Thursday, November 27, 2008


A turban is a standard headdress worn in India. Fabric lengths up to twenty feet are wound and engineered on a man’s head to protect him from the sun and heat. The thickness of the turban serves to insulate the head and prevent the hot sun from penetrating through the thickness of cloth.

The specific fabrication, and the style in which the turban is wrapped serve to identify the region, and often the village a man is from.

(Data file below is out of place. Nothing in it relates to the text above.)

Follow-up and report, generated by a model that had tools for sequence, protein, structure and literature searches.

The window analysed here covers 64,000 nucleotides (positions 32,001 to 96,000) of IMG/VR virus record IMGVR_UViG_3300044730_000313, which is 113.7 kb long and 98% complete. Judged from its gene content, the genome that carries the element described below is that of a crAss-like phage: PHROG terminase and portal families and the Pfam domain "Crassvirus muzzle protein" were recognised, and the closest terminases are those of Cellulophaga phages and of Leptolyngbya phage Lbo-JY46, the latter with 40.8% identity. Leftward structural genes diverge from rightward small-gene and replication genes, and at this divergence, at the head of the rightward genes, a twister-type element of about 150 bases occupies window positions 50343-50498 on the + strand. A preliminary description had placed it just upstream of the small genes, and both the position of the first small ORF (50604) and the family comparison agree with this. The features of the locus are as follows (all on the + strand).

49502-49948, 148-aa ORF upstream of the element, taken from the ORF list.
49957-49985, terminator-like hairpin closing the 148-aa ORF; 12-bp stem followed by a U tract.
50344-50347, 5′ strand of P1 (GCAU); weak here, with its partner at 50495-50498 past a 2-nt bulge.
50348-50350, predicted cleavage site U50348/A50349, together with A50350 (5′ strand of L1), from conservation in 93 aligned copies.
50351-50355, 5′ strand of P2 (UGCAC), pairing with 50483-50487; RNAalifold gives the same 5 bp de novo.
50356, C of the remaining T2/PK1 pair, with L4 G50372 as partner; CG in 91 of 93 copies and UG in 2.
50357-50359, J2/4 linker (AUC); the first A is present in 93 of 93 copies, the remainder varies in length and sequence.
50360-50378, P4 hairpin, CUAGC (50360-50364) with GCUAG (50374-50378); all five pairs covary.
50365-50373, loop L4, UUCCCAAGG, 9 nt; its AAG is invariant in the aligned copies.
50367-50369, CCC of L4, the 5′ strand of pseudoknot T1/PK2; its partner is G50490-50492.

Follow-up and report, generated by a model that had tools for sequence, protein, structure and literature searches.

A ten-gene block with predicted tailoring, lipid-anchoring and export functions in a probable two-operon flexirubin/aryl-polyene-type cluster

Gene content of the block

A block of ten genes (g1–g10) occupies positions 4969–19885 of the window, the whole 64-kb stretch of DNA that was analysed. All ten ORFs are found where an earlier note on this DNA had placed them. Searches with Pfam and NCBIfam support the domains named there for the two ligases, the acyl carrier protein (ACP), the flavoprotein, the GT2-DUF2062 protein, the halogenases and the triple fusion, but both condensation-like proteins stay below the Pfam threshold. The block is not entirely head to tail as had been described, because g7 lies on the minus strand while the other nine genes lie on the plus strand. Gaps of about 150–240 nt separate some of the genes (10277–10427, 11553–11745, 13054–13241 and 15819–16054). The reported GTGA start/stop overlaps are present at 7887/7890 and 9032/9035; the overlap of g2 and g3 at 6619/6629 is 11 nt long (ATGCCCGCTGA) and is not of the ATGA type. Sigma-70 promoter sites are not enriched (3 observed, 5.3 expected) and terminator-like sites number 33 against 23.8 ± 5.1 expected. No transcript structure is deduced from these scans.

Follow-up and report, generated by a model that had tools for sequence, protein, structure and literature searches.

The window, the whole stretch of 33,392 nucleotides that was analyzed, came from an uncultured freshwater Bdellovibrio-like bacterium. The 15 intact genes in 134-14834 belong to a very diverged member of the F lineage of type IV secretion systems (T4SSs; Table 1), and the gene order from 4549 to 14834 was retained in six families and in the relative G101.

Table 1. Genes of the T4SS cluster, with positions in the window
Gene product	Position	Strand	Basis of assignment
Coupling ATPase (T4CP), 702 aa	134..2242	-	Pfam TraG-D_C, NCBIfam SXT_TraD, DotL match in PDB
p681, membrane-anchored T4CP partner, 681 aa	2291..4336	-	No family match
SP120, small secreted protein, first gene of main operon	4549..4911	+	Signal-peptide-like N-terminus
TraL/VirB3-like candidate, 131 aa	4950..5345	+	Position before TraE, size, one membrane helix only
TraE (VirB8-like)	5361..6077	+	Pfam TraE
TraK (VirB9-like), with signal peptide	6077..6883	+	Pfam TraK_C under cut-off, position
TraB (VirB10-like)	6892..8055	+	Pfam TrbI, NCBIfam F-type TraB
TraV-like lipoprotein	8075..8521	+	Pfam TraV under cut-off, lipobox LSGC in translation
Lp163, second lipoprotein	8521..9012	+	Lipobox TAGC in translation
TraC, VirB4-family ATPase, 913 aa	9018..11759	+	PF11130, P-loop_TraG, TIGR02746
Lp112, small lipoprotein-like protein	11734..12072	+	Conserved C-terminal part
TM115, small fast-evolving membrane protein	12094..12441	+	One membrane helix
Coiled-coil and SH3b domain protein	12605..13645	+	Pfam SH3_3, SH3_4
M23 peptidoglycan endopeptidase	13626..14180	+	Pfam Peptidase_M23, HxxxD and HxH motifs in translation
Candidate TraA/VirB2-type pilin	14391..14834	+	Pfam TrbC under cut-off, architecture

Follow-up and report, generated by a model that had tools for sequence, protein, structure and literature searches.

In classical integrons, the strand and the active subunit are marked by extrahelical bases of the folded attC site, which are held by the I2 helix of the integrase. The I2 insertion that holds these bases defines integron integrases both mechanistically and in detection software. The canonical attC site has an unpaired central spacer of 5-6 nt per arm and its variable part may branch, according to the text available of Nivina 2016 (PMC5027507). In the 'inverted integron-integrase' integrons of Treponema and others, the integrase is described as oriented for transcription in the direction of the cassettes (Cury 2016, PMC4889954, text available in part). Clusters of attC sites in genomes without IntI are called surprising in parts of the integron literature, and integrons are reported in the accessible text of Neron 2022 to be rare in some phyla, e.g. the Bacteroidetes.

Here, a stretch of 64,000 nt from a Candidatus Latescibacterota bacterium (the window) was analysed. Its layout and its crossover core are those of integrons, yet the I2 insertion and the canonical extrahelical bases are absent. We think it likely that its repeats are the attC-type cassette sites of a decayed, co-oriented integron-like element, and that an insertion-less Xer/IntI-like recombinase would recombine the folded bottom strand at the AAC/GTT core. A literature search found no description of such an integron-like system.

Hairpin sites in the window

Today, we visited the City Palace Museum in Jaipur (India), and one of the guards was gracious enough to demonstrate the wrapping of his turban. He unwound his finished headdress to show us the length of cloth which was close to twenty feet. He commenced the wrapping process by holding the tail of one end of cloth in his mouth (in reserve for later). Then, he proceeded to wrap… and wrap… and wrap, using up the length of cloth. As you can see below, he finished the process and tucked the held end in place, and allowed an extension of approximately 5 feet to dangle down his center back.

The entire wrapping process took less than a minute. You could tell that he had done this before!

No comments: